Occupational Health SafetyLearn More
- Anti-Fatigue - Floor Matting
- Chemotherapy Protection
- Environmental Cleaning
- Fall Protection
- Head, Eye & Face Protection
- Hearing Protection
- Janitorial Supply
- Monitors & Calibration Equipment
- Personal Ergonomics
- Protective Clothing
- Respiratory Protection
- Sanitizers & Purifiers
- Training Tapes & Literature
- Vacuum Cleaners
- Waste Systems
Occupational Health Safety
At the end of 1970, Congress in an effort to combat the high instances of workplace injury, sickness and death enacted legislation called the Occupational Safety and Health Act of 1970 to assure safe and healthy working conditions for all employees. Congress wrote this act as a vehicle for enforcement of the Occupational Health Safety standards outlined in the Act. The Act also had provisions providing for information, research, training and education. Congress created a 2 new Federal Agencies, one, within the U.S. Department of Labor called the Occupational Safety and Health Administration (OSHA) to enforce and oversee provisions contained in the Act and the other the National Institute for Occupational Safety and Health (NIOSH), part of the CDC, within the Department of Health and Human Services to provide the research, education and informational portions of the Act. President Nixon signed it into law and became Law April 1, 1971.
In our ever changing world and workplaces OSHA"s focus on traditional work sites such as factories, warehouses and construction sites has expanded. From the World trade Center"s bombings toxic air, to anthrax scares at the USPS, numerous hurricanes and natural disasters have prompted OSHA to add disaster/ emergency preparedness to its Occupational Health Safety role in the workplace.
Between 2003 and 2008 OSHA"s diligence with its enforcement, educational programs and guidance has reduced overall workplace incidences from 5 per 100 full time workers in 2003 to 3.9 incidences per 100 workers in 2009.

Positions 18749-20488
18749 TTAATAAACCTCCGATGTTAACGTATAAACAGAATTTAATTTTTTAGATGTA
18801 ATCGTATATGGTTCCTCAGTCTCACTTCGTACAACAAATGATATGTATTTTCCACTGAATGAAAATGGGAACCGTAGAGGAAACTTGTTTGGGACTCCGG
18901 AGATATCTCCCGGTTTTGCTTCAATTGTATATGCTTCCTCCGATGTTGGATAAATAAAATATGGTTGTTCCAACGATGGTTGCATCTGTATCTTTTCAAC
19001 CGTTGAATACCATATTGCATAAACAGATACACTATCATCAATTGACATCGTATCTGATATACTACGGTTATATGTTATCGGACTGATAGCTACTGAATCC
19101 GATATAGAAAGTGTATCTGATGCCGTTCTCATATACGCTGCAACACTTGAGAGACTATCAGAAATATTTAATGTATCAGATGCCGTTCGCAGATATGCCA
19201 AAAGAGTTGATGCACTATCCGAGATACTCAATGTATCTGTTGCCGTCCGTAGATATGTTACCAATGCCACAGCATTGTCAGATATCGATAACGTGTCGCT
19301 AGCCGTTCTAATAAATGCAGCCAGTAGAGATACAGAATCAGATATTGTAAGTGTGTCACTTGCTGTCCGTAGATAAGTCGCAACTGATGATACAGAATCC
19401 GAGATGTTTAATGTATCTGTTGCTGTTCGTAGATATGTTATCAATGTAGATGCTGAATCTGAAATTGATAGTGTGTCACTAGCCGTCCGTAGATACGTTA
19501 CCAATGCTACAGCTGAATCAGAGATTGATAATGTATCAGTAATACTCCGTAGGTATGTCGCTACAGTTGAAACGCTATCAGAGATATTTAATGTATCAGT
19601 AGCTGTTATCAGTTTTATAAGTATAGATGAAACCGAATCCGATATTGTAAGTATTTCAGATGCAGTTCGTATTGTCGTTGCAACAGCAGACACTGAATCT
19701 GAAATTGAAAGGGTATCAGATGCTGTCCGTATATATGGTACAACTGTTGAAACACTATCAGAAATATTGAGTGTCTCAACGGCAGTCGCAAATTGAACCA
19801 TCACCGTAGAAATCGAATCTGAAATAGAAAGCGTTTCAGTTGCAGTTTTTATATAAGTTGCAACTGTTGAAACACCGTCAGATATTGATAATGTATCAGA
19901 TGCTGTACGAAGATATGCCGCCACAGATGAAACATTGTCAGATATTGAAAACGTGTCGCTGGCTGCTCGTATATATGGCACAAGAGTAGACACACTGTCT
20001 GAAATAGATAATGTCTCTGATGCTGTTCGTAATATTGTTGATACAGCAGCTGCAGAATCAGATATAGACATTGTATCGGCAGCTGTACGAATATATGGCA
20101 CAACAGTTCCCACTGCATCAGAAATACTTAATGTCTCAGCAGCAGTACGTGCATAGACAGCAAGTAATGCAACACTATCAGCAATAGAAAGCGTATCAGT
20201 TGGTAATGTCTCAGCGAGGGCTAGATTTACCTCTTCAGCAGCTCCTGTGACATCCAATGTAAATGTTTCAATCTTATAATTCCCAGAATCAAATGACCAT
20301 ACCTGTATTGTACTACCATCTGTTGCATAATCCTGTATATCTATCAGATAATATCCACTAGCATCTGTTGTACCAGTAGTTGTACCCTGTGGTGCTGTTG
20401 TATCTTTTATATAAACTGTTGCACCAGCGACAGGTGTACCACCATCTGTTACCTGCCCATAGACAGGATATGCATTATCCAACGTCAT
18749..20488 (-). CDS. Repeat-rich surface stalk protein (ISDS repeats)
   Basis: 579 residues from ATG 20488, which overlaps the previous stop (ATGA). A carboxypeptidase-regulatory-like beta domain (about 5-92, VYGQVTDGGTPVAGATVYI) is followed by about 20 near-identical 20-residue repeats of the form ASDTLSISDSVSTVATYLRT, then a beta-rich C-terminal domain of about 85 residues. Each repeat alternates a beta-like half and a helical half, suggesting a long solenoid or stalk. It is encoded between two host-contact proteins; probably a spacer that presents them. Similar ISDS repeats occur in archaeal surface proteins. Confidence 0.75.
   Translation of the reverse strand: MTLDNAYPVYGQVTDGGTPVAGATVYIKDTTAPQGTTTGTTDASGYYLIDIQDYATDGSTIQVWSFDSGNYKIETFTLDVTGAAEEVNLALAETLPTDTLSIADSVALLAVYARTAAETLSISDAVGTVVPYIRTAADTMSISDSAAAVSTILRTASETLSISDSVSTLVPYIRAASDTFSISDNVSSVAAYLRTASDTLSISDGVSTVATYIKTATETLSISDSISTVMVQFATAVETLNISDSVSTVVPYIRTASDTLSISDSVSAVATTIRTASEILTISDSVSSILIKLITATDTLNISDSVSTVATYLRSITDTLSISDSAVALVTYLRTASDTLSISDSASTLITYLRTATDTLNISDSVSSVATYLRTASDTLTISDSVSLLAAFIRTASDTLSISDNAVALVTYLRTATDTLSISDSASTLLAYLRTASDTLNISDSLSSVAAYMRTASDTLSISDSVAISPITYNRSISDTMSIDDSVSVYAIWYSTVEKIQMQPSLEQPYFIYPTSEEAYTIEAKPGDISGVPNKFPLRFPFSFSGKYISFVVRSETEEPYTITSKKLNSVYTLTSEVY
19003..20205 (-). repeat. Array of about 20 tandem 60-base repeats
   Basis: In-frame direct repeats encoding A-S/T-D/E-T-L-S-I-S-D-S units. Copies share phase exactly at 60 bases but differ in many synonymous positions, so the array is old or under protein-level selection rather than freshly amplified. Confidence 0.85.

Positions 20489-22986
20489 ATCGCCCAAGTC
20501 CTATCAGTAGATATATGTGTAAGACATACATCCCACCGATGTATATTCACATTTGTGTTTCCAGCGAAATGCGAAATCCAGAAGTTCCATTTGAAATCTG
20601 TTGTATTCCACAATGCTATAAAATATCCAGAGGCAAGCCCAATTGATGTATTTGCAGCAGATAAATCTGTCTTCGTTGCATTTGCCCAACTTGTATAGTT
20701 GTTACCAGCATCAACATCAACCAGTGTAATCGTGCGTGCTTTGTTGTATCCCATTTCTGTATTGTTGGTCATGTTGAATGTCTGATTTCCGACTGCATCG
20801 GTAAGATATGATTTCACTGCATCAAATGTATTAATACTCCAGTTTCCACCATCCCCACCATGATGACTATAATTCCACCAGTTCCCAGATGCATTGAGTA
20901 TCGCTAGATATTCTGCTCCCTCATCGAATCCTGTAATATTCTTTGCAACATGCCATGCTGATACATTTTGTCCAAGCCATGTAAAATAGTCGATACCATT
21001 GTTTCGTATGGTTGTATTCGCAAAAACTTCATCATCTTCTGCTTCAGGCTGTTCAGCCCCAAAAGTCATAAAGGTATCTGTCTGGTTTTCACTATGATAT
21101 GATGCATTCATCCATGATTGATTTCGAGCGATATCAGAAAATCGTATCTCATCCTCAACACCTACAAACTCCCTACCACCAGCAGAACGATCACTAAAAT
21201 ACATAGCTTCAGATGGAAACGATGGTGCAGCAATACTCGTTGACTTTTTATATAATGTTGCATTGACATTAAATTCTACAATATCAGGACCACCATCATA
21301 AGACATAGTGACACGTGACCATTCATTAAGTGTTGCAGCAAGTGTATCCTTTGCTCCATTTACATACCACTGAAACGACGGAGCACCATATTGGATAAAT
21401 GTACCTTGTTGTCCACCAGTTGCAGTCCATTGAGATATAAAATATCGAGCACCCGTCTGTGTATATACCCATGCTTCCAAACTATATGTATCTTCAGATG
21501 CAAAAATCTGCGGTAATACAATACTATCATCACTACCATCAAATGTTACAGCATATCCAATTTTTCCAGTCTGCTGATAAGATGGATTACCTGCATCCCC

In 2009 the top ten OSHA violations were:
- 1. Scaffolding 9,093 violations
- 2. Fall Protection 6,771 violations
- 3. Hazard Communication including signage, MSDS and labeling 6,378 violations
- 4. Respiratory Protection 3,803 violations
- 5. Lockout/Tagout 3,321 violations
- 6. Electrical (Wiring) 3,079 violations
- 7. Ladders 3,072 violations
- 8. Powered Industrial Trucks 2,993 violations
- 9. Electrical (General) 2,556 violations
- 10. Machine Guarding 2,364 violations
Employers are more aware now more than ever of OSHA"s position on enforcing standards and continue to focus on compliance. Between 2001 and 2008, OSHA levied or suggested almost a billion dollars in penalties and made more than 60 recommendations for criminal prosecution to the Department of Justice (DOJ). New technologies like nanotechnologies present new challenges to OSHA and NOISH as workplace toxicity and possible hazards to the employee"s involved in the development and manufacture of these new never been seen before products are developed and introduced. These new technologies present a different level of research and enforcement and are a far cry from hardhats and non-slip shoe"s.